What to Do With a Biology Degree & 19 Practical Alternatives

Biology DegreeWondering what to do with a biology degree? Jobs in this area of science are appealing to all kinds of people. So you're not alone in wanting to pursue a career in it. But unlike other areas of study with well-defined career paths, biology's professional outcomes can sometimes be trickier to figure out, mostly because the possibilities are so wide-ranging.

For example, here's what you can do with a biology degree: You can work as a research assistant, technician, or sales representative in the agricultural, food processing, pharmaceutical, or biomedical industries. You can also work in the field of environmental protection. You can even become a biology teacher at the middle school or high school level. With a little bit of extra vocational training, you can work in the growing allied health care sector. Or you can pursue a graduate degree in biology and become a college instructor, research scientist, or genetic counselor. Your biology degree could also help you get into medical, dentistry, or veterinary school.

Still feeling uncertain? Maybe you've already graduated with a Bachelor of Science degree in biology and haven't found suitable employment yet. Or maybe you're studying this field in college right now and have doubts about the value of your current educational path. Or perhaps you enjoyed biology in high school and want to know if it would be worth majoring in at the next level.

Different people have different reasons for asking, "What can I do with a biology degree?" But this question often stems from the fact that jobs for biology majors can be hard to find—unless you have a practical career plan, understand the relevant alternatives, and know how to approach the challenge.

That's why this article explores the value of various options, including many good-paying occupations within industries that may surprise you. Check out these sections:

What You Can Do With a PhD in Biology

The main reason to get a PhD in this field is to become a biologist with the qualifications to perform independent research or work for post-secondary institutions, government agencies, or private employers that require advanced credentials. In general, a biologist studies life, including its underlying processes and the relationships between living matter and the environment. Many biologists also research ways to solve practical problems for the medical field or other industries.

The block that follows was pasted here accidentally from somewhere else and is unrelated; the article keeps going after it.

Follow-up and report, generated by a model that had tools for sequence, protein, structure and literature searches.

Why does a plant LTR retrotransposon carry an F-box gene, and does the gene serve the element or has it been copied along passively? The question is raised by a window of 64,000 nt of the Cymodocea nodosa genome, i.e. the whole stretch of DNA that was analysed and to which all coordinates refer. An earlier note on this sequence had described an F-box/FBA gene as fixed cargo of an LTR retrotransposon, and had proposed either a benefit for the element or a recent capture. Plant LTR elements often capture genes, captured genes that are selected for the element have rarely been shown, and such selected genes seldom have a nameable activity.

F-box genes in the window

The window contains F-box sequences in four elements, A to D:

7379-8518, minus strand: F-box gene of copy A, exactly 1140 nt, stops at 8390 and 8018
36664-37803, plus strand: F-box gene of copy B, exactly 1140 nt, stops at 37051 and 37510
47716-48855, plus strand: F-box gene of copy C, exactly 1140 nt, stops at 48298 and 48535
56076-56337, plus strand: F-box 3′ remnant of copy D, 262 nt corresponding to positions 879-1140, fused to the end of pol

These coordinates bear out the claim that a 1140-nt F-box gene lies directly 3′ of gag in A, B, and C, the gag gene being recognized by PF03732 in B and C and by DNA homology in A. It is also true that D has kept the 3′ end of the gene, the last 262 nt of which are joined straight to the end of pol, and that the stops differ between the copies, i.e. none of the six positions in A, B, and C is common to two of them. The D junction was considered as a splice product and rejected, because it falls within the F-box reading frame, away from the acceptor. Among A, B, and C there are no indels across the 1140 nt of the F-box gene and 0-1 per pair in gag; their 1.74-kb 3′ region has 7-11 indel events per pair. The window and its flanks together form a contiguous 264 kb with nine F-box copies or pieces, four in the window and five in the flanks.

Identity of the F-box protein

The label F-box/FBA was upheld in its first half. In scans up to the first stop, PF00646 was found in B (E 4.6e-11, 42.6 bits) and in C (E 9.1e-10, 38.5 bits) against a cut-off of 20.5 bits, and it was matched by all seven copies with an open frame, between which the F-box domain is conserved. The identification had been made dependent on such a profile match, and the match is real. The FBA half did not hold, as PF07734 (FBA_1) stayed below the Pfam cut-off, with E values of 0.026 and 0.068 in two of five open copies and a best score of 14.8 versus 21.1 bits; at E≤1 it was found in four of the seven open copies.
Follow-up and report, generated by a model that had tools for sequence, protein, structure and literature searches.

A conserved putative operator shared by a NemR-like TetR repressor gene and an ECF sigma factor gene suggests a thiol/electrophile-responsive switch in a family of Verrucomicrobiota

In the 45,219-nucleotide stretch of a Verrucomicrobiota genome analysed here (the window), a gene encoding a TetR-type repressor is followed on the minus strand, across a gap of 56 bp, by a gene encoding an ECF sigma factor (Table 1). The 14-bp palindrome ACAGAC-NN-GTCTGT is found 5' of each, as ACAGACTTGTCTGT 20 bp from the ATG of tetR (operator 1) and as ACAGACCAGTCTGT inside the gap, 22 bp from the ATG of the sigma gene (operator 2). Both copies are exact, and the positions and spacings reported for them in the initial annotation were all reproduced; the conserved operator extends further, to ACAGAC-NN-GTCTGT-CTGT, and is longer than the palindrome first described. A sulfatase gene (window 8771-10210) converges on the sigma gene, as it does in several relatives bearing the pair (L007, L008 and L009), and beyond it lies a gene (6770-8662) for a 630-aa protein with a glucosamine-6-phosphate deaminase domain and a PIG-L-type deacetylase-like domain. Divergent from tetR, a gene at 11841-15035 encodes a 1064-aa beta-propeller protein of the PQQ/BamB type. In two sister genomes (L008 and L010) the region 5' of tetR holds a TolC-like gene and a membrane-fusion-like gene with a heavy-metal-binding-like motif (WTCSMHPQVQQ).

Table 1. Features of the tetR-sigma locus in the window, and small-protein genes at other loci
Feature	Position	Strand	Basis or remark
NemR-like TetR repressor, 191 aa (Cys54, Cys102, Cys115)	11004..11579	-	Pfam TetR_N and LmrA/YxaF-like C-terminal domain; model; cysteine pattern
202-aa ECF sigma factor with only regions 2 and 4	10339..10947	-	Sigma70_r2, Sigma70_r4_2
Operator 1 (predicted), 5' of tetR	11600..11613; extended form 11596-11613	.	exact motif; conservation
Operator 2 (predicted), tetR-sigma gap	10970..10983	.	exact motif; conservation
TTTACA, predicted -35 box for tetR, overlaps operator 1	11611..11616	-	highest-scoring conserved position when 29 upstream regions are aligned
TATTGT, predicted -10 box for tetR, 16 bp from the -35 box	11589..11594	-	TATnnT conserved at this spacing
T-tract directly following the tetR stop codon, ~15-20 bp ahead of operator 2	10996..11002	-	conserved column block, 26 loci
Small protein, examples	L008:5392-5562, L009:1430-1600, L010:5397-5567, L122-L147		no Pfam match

But when you pursue a doctorate degree in biology, you generally choose a special area of focus. That's because the field of biology is so broad that it's practically impossible to develop deep expertise in all aspects of it. At this level of education, people choose to study specialties such as microbiology, biochemistry, genetics, zoology, wildlife biology, biophysics, ecology, evolutionary biology, physiology, neuroscience, botany, or aquatic biology.

Your career opportunities will likely depend on the specialty or sub-specialty you've chosen. For example, with a degree in microbiology, you can pursue jobs related to studying viruses, bacteria, fungi, algae, microscopic parasites, or other microorganisms. You may even decide to specialize in the study of one particular type of microorganism. Your career could involve pure research, or you could apply your research to the development of solutions in areas like public health, agriculture, or environmental restoration.

You can also combine your biology education with other major subjects of study. For instance, with a degree in computer science, you can pursue a PhD in computational biology. As a computational biologist, your career could involve developing computerized simulations that make it possible to study research questions without using a traditional laboratory.

Depending on the specialty, a biologist makes from $67,760 to $105,940 per year, on average. Here are some example salaries based on nationwide averages from May 2018:1

  • Zoologists and wildlife biologists—$67,760
  • Botanists (i.e., plant scientists)—$70,630
  • Microbiologists—$81,150
  • Biochemists and biophysicists—$105,940
  • Other biological scientists—$83,600

The Challenge of Pursuing Careers With a Biology Degree at the Undergraduate Level

Biology DegreeBiology is often thought to be one of the most popular areas of study. But according to one well-respected report, only about six percent of American college graduates majored in biological and biomedical sciences during the 2016-2017 academic year. In comparison, the most popular major was business, representing over 19 percent of college graduates.2

Of course, popularity is not necessarily a measure of value. After all, the world continues to need biology experts, and plenty of good occupations require a foundational knowledge of the science. The problem is that a lot of smart, motivated people go into the field believing that an undergraduate degree in biology may be all they need to access the types of employment opportunities they want. They may not realize that those opportunities are often reserved for people who go on to earn more advanced graduate-level degrees. For example, with at least a master's degree in biology, you can qualify for better teaching or research positions. And earning your graduate degree doesn't have to be as difficult as what you may think. (Some schools offer graduate programs that are more accessible and streamlined than what you'll find at many traditional universities.)